“I am mind itself 5” by Koretoshi Maruyama sensei
“I am mind itself 5” Koretoshi Maruyama sensei, the Founder of Aikido Yuishinkai
This year marks the 20th anniversary of Aikido Yuishinkai, we held a gathering of instructors from Australia, England, Germany, Italy, and the Netherlands to commemorate the occasion. In February this year, I named Peter Kelly from Australia, and Martijn van Hemmen from the Netherlands as International Instructors. Naturally, these 2 came to Japan to attend the commemorative party, which gave me the opportunity to strengthen the bonds between us through the modern-day equivalent of the oath of the peach garden from the Romance of the Three Kingdoms (an ancient Chinese legend). This oath establishes the 3 of us as sworn brothers, and we swore to face whatever adversity comes our way together, and never to betray each other for the rest of our lives.
During my speech I said the following: “From now on, I will use my position as a long-time disciple of the founder of aikido, Morihei Ueshiba, who tended to him at his sickbed without sleep, and stood with him as he passed away, to spread true aikido around the world as the founder wished. True aikido is true budo, not merely powerful budo.”
Around the world, it is said that the founder was a disciple of Sokaku Takeda and that Daito Ryu Aiki Jujutsu was the precursor of aikido. It is also said that he was a devout follower of the Omoto religion. These are all lies.
I heard this directly from the founder, and I confirmed it by reading through a number of different materials.
Firstly, the founder said “the gods taught me my budo.” This is the truth. Also, the techniques that the founder liked to study more than any others were those of the Kuki fleet (in short, they were pirates), which was based in Wakayama prefecture. Their style became known as Kukami Shinryu, and they worshiped the guardian deity of the Kuki clan, known as Amenomurakumokukisamuhararyuo. The last 2 characters (ryuo) mean dragon king. Dragons move freely throughout the water, so this is clearly appropriate for a naval fleet. By the way, Ayabe, which is the capital of the Omoto religion is within the territory of the Kuki clan, and the Omoto religion and the Kuki clan use the same 9-starred crest.
Also, the Iwama shrine in Ibaraki Prefecture, which was built by the founder, honours Amenomurakumokukisamuhararyuo, and the first custodian of the shrine was a nobleman of the Kuki clan.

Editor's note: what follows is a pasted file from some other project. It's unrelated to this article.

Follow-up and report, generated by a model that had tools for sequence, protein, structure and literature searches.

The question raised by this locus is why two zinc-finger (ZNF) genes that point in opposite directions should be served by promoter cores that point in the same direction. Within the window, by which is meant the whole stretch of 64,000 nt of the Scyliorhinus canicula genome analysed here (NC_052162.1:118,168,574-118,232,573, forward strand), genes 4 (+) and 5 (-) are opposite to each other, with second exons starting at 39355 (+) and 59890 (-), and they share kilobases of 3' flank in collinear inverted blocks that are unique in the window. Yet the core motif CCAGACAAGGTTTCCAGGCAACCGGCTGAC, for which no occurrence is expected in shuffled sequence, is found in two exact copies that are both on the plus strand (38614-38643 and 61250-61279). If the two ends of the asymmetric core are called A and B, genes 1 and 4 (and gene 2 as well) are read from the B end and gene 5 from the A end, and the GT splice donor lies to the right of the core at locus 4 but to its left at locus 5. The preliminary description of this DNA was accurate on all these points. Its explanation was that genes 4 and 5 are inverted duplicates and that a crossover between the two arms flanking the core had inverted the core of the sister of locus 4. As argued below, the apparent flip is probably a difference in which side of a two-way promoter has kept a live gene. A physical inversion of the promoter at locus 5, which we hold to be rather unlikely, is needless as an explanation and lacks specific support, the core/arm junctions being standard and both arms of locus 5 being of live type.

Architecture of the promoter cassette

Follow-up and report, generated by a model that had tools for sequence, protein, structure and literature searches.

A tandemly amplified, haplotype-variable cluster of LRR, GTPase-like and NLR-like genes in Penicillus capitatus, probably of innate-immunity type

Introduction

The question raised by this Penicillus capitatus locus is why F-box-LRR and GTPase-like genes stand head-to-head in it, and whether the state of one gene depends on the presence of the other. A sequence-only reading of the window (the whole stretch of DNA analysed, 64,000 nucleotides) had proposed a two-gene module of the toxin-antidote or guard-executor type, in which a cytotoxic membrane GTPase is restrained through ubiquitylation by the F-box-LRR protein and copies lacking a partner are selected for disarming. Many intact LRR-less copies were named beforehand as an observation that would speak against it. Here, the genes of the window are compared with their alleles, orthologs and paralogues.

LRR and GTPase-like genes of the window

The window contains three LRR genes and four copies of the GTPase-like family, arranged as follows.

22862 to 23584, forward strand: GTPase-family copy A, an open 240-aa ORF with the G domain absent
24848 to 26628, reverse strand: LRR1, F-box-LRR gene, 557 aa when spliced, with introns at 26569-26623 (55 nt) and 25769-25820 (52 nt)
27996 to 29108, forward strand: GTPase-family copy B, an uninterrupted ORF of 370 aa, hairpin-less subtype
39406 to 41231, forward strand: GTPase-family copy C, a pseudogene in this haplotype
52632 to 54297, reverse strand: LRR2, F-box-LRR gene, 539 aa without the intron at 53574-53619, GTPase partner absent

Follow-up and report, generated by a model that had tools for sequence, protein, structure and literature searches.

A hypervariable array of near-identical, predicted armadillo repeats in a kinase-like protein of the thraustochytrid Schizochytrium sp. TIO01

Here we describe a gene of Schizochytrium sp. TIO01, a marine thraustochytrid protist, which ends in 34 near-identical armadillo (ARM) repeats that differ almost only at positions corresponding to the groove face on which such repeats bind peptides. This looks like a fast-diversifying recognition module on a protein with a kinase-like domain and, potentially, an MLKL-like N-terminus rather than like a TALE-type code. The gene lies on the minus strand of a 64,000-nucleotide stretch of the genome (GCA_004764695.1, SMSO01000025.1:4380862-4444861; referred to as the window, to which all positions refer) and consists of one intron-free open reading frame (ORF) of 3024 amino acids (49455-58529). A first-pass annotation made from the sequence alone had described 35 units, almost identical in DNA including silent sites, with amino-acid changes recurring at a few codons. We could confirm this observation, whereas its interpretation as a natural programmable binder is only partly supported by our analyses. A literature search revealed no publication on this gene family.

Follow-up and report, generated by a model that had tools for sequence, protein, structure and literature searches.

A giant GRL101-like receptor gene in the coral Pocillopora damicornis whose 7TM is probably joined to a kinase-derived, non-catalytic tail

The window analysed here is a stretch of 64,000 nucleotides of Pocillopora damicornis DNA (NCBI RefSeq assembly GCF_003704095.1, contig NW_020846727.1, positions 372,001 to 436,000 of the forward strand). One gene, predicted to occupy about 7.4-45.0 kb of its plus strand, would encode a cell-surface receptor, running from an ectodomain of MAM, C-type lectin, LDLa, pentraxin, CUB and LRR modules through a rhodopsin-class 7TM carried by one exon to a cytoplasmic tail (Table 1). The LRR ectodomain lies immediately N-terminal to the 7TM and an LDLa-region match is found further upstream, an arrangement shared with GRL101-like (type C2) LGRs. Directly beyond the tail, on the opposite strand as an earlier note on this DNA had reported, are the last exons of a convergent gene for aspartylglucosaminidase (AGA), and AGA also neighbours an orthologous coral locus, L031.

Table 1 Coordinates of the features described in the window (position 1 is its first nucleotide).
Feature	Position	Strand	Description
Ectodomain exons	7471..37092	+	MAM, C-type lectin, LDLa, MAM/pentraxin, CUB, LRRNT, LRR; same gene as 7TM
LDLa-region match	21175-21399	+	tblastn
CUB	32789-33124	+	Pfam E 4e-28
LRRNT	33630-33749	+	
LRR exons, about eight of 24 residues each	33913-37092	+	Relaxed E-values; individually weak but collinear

The Kojiki is a manuscript written in 702 AD by the shaman Hieda no Are who served the emperor, Tenmu, in the imperial court. This text records the truth behind mythology. Although some people say that this text focuses on the emperor in order to maintain his legitimacy, I have no time for people with such an extremely narrow minded point of view.
Firstly, the Kojiki tells us that the Japanese characters “武” (martiality) and “舞” (dance) have the same meaning. Both of them are offerings to the gods. The audience at traditional Shinto dances is the gods. In Kyoto, there is a temple called Kiyomizu Temple, and the audience for the Kiyomizu Stage, which juts out over an embankment comprises only the Eleven-faced Kannon Bosatsu, which is the deity worshipped at the temple.
What true budo does, is it removes our impurities (kegare) and returns our spirits to a state of innocence, like when we were newborn babies. According to the Kojiki, all things began when Lord Izanagi escaped from the netherworld, and purified himself (performed misogi harai) in the waters of the Tsukushi no Himuka no Tachibana no Odo no Awagihara river. When Izanagi washed his left eye, the sun goddess, Amaterasu, was born. The moon god, Tsukiyomi, was born from Izanagi’s right eye, and Susanoo was born from his nose. Izanagi threw away his impurities.
Western martial arts involve kicking and punching, but Japanese martial arts focus on “throwing.” This comes from Izanagi’s actions. When we are thrown, our impurities die for a moment. This rids us of our impurities (kegare wo harahi kiyomeru). In Japanese, words have hidden meanings behind their sounds. Although much of the meaning is lost in English, I will go through the hidden meanings behind “kegare,” “harahi,” and “kiyomeru,” below. Kegare refers to “withering ki.” The “ha” in “harahi” means either “mother” or “leaf.” Mothers give life, and leaves take in carbon dioxide and produce oxygen. The “ra” indicates the plural form of a word in Japanese, and in this instance it means plenty. The “hi” refers to the soul, and is sometimes read as “i.” In short, “harahi” means life. “Kiyomeru” means “to summon ki.” In other words, we are creating new life and summoning fresh ki. In aikido, we are thrown. By taking ukemi, we are stripped of our imperfections, and when we stand up, we become like an innocent baby, or to put it another way, we become like the gods.
“Fighting mind” is merely ego, and it is an impurity. This is why the founder said “you must take ukemi” and during training he reprimanded people who resisted and tried not to be thrown. The reprimand was his way of saying “you are impure. I want you to remove those impurities and return your spirit to an innocent state.” This is why the founder always said that “aikido is love.”
In today’s world, people have great egos, and spend all their time fighting. They want to win. They love to compete. At the Olympic Games, athletes will do anything to win, even resorting to doping. Top-class athletes even become involved with gambling.
At the extreme end of the spectrum, there are even parents who mercilessly kill their own children for being too noisy. There are even children who kill their parents. These are cases of one impurity piled upon another. Now, more than ever, we need the founder’s ideal of martial arts that bring people together (musubi no bujutsu). Aikido is a system that allows people to do what they need to do in order to live and grow in a righteous manner.
Translated by Robin Boyd